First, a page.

When considering the grounds in which Chief Justice Roger B. Taney supported his ruling in the Dread Scott case, it becomes quite apparent that his reasoning resonates from ideals that were engrained into the culture of the United States by its white inhabitants from its very beginning. These ideals were created in order to suppress minorities, most specifically the entire Black race, while constructing the superiority of whiteness and it’s power over the nation as a whole.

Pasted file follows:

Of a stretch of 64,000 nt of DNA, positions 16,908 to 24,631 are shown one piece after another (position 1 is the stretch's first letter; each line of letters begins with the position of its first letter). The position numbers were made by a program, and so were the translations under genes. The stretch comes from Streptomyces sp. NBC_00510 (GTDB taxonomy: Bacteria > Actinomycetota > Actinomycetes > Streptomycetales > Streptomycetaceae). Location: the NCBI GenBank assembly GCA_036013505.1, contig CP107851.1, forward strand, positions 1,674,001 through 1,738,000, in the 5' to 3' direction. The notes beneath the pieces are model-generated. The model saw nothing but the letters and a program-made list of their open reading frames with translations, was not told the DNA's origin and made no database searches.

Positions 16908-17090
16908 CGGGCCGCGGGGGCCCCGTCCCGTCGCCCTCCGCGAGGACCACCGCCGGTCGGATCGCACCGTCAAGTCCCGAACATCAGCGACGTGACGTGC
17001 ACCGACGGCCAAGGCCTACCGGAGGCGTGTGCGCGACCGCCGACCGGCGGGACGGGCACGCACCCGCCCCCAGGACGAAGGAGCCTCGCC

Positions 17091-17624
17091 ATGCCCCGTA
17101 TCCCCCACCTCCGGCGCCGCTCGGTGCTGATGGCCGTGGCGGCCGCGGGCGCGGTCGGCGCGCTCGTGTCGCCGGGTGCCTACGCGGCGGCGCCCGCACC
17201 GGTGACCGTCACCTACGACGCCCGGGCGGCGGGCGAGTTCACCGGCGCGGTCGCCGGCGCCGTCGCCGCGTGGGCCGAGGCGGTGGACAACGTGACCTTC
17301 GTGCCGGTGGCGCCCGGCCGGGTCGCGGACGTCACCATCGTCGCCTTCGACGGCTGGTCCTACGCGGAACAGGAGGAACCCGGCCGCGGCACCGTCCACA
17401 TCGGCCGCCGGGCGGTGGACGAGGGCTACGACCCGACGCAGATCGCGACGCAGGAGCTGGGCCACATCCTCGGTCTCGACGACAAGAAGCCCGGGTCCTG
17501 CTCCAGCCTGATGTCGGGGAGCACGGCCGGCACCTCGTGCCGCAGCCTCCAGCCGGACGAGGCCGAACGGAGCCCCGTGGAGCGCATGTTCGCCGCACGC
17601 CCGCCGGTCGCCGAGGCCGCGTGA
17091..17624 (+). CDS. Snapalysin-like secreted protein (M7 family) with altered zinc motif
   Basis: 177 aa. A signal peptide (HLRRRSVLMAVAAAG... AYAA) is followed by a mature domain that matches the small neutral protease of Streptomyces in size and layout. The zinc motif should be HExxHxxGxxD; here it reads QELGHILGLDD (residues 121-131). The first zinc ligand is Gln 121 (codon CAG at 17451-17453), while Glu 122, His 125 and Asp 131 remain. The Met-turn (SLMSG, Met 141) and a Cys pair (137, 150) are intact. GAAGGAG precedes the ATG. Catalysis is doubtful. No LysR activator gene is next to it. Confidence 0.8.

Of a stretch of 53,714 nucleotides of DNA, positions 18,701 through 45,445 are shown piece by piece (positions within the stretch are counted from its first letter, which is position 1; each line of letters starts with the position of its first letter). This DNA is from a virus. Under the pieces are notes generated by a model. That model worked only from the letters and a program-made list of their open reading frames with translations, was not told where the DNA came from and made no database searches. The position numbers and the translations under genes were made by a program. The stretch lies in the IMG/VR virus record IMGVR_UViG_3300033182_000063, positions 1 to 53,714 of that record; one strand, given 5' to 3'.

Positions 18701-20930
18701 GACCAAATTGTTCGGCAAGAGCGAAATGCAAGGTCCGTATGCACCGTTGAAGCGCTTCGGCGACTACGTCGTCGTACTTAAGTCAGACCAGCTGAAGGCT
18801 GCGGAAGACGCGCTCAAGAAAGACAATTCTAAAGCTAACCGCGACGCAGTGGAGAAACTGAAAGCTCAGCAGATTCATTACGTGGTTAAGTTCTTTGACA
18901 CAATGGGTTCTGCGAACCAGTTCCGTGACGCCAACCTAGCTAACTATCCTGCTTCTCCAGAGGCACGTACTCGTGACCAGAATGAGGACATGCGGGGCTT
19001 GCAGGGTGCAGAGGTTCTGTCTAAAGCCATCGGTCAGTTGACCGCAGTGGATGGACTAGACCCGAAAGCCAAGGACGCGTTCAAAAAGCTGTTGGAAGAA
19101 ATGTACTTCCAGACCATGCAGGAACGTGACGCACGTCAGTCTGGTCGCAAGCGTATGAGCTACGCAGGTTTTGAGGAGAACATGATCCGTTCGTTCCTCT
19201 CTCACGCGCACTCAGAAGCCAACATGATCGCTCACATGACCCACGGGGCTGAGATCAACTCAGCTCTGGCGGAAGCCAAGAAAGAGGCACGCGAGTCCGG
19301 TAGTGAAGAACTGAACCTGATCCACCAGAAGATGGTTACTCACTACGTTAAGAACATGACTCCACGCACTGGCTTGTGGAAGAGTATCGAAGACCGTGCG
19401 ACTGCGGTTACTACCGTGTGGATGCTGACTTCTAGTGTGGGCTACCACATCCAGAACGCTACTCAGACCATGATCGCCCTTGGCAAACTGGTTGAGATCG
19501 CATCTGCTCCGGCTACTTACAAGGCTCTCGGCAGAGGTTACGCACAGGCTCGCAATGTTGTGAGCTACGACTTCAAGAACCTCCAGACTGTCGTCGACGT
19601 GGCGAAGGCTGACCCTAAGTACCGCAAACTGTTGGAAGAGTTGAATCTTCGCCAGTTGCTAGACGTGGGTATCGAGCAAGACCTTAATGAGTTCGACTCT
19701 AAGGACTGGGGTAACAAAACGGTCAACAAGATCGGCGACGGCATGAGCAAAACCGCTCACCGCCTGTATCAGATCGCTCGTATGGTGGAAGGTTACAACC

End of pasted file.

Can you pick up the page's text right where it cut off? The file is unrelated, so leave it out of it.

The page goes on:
This construction of whiteness was built on the enslavement of Blacks, but went so much deeper than the use of controlled labor. Within the constraints of slavery many methods were used to in order to physically, psychologically, emotionally, and culturally break down the Black race in America. The results of these varying aspects carried out not only the ability to create an identity of whites as a superior race in their own minds, but also a new identity of how Blacks self-identified themselves for generations. Beyond the physical abuse enslaved Africans had to endure, were the slave master’s actions to strip them of their cultural identity. Despite the fact that many of these enslaved Africans came from different areas of Africa and naturally had some cultural differences amongst them from this result, shared similarities remained. One such cultural practice that carried significant importance was the ceremonial naming of newborns. The white slave masters would not acknowledge their slave’s African names and would typically assign them white names. “But no matter how determinedly they named themselves, after a name was forced on slaves by the master, the imperatives of the slave system won out. In the slave’s mind the new name was associated with the enforced obedience and powerlessness, and this is what rendered “pet names,” even African ones, of little consequence, because the language slaves increasingly heard was English. The most poignant evidence of the loss of authority of African names is the deceptive use of them in the new environment. The slave name would become bridle. Still, for the slave the spiritual damage was not lessened by the knowledge that the question of his name had been decided through the use of whip and gun. The sharp reduction in the public use of African names reinforced a tendency not to employ them privately, especially since new names tended in time to take on their own appeal.”(1) This practice not only accomplished the stripping of a spiritual and cultural African identity, but also sent a message to their entire race. According to Freud the “twisting round of a name when it is intentional amounts to an insult; and it might well have the same significance in a whole number of cases where it appears in the form of an unintentional slip of the tongue.”(1) This form of control correlated to a blatant disrespect of any African that was able to survive the middle passage, as well as their American born generations to come. In addition it broke down the identity of all Blacks, which allowed the authoritative whites to engrain their superiority in not only their own minds, but also to some extent the minds of all Blacks in America. The results of stripping down the identity of Black slaves in order to establish and build the idea of white superiority effectively drew lines within the Black communities of enslaved and freed Blacks. While depicting culturally that everything associated with Africa was negative and demeaning, white America accomplished confusion among the Black community and what they found appropriately identified their people. This process slowed the possibility of conformed unity among Blacks in America to some extent, providing a longer more difficult path in strategizing how to gain the rights their Black leaders knew their people deserved. Many Black leaders at the time had different feelings concerning what was the appropriate way to self-identify their race. While embracing the...
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